By Marion Delano
The release of Donald Trump’s first budget proposal has garnered a lot of attention and examination. The proposed budget takes an ax to many federal program and agencies including the Environmental Protection Agency, State Department, USAID and the Department of Agriculture. The Department of Transportation is another agency that will see it’s budget cut under Trump’s proposed plan. The department would see a 13% decrease in funding from it’s current level this fiscal year.
While the 13% budget cut for the Department of Transportation is jarring, it is not he most controversial part of the Trump plan. No, that right is saved for proposed privatization of Air Traffic Control services within the U.S. Under this plan, ATC would be removed from the purview of the Federal Aviation Administration and spun-off to a new quasi-governmental private corporation similar to Fannie Mae or Amtrak.
The privation of the Air Traffic Control system is not a new idea. In fact, just last year congressional republicans pushed to privatize the system, but ultimately failed. Perhaps this time will be different as the plan does have the support of the Airline industry as well as the ATC controller’s union. These groups argue privatization will remove ATC from the hassles of government funding and the constant spending disputes which has paralyzed the agency in recent years.
While removing Air Traffic Control from the constant funding challengers associated with governmental operations is surely a plus, that one aspect does not make up for the disastrous ramifications privation will have. The fact of the matter is that ATC in the U.S. is already pretty great. The U.S aviation system is universally seen as one of, if not the safest in the world. It is also the most accessible and economical aviation system in the world. Privatization would radically change the purpose and mission of Air Traffic Control. Instead of being a government agency accountable to the people, it would be a private organization controlled by it’s stakeholders.
So if the system isn’t broke, then why is there a push to fix it? To obtain that answer you just need to follow the money. The U.S. airline industry has been pushing privatization for years with their lobbying group, Airlines for America, leading the way. They support privatization because it would give them more control over the air system while also reducing their costs. Currently, ATC is funded through the FAA’s fuel taxes and fees. Privatization would mean that all funding for ATC would come directly from user-fees charged for air traffic services. This represents a massive shifting of costs, as general aviation would end up bearing a significantly higher burden than currently experienced.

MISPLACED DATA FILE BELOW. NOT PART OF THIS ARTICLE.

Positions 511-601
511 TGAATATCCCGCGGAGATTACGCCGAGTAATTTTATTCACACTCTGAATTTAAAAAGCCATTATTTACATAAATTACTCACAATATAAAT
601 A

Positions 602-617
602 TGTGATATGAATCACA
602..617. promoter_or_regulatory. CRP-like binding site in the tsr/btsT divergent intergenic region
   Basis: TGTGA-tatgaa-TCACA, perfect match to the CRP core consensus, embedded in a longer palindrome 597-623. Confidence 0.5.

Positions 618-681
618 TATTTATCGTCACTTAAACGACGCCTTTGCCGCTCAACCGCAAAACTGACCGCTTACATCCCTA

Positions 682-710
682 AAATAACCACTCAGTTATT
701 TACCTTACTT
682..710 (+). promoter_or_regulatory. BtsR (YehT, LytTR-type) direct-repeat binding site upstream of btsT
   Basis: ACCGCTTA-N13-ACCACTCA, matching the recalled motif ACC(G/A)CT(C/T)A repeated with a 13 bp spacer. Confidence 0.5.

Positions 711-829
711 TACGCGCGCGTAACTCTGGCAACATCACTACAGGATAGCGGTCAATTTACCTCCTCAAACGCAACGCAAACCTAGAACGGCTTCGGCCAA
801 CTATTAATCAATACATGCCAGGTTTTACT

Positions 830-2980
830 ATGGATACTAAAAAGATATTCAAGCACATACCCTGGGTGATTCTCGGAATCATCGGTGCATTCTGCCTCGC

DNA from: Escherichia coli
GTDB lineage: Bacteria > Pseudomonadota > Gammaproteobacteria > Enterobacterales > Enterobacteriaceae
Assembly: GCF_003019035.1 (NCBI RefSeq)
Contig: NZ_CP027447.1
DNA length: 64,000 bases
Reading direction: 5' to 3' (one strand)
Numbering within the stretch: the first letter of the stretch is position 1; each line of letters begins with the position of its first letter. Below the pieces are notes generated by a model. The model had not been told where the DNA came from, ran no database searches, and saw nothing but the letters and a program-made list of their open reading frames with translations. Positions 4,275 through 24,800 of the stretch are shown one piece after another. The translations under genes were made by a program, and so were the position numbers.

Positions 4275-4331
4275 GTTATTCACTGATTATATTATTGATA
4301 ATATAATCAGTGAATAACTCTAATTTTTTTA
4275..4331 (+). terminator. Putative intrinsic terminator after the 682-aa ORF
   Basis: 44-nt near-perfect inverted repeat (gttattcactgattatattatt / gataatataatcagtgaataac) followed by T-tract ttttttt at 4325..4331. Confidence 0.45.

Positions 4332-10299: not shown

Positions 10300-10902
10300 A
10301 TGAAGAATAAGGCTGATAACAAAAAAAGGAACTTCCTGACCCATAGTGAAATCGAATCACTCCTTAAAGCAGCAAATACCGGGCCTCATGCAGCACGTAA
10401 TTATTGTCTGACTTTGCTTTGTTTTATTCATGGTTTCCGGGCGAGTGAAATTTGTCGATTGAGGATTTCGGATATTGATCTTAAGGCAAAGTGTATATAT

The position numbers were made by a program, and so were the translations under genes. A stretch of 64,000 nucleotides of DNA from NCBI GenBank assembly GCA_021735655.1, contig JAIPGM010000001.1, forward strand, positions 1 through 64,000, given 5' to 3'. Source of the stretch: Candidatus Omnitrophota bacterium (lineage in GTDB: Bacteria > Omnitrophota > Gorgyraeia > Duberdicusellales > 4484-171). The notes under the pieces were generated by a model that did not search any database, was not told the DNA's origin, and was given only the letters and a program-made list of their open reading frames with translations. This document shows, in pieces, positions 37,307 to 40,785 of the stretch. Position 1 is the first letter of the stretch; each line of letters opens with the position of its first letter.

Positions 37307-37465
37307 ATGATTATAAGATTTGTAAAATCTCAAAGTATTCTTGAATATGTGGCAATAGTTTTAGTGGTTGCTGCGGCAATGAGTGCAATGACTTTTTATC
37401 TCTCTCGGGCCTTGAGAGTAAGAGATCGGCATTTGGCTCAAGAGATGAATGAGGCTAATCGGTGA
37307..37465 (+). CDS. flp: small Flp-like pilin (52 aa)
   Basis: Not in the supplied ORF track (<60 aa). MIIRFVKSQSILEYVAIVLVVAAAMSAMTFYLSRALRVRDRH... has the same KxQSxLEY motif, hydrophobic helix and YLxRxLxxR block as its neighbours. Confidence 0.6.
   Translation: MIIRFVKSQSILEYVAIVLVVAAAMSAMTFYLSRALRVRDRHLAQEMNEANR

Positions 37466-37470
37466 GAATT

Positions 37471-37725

Furthermore, removing ATC from the FAA control means less oversight and regulation of Air Traffic Services within the U.S. Instead of being answerable to U.S. citizens, the new organization would likely be more beholden to industry stakeholders, with the airlines gaining unprecedented influence. Even worse is that fact that there is no financial incentive for this plan. It would cost U.S. taxpayers 89 billion dollars and ad over 19.8 billion dollars to the deficit.
Why then is there a push for ATC privatization? The answer, of course, is to follow the money. The U.S. airline industry, led by its lobbying group Airlines for America, has been pushing for privatization for year. The airline industry is the only group that gains from privatization. Their costs would go down as user fees would shift a significant burden to general aviation users. Additionally, the airlines would be represented in the privatized corporations 13 member board, meaning they would be in the captains seat so to speak. They would literally be controlling ATC.
Supporters of privatization point to the U.K. and Canada as examples of where ATC privatization has worked. This is misleading though, as the U.S. Air Traffic System is nearly 10 times larger the Canadian or U.K systems (in terms of aircraft movements). Even then, when equalized for movements, the U.S. system is more cost-effective. Finally, the privatization of ATC in those countries has significantly impacted general aviation in those countries. Privatization has made flying more expensive for small aircraft while also reducing access to airports and airspace.
The saying goes, “If it ain’t broke, don’t fix it” and that mantra certainly applies here. Privatization is not about efficiency or cost. It is a thinly veiled power grab by the airlines. The U.S. air traffic system is clearly not perfect. The roll-out of the NextGen system has admittedly been a mess, but privatization does not address this issue. Less accountability and control is not the answer. User-fees do not save taxpayers money, they simply leave general aviation users further in the lurch. ATC privatization is a pointless endeavor. Let’s tell Trump that ATC is already great and that he should keep his tiny hands off of it.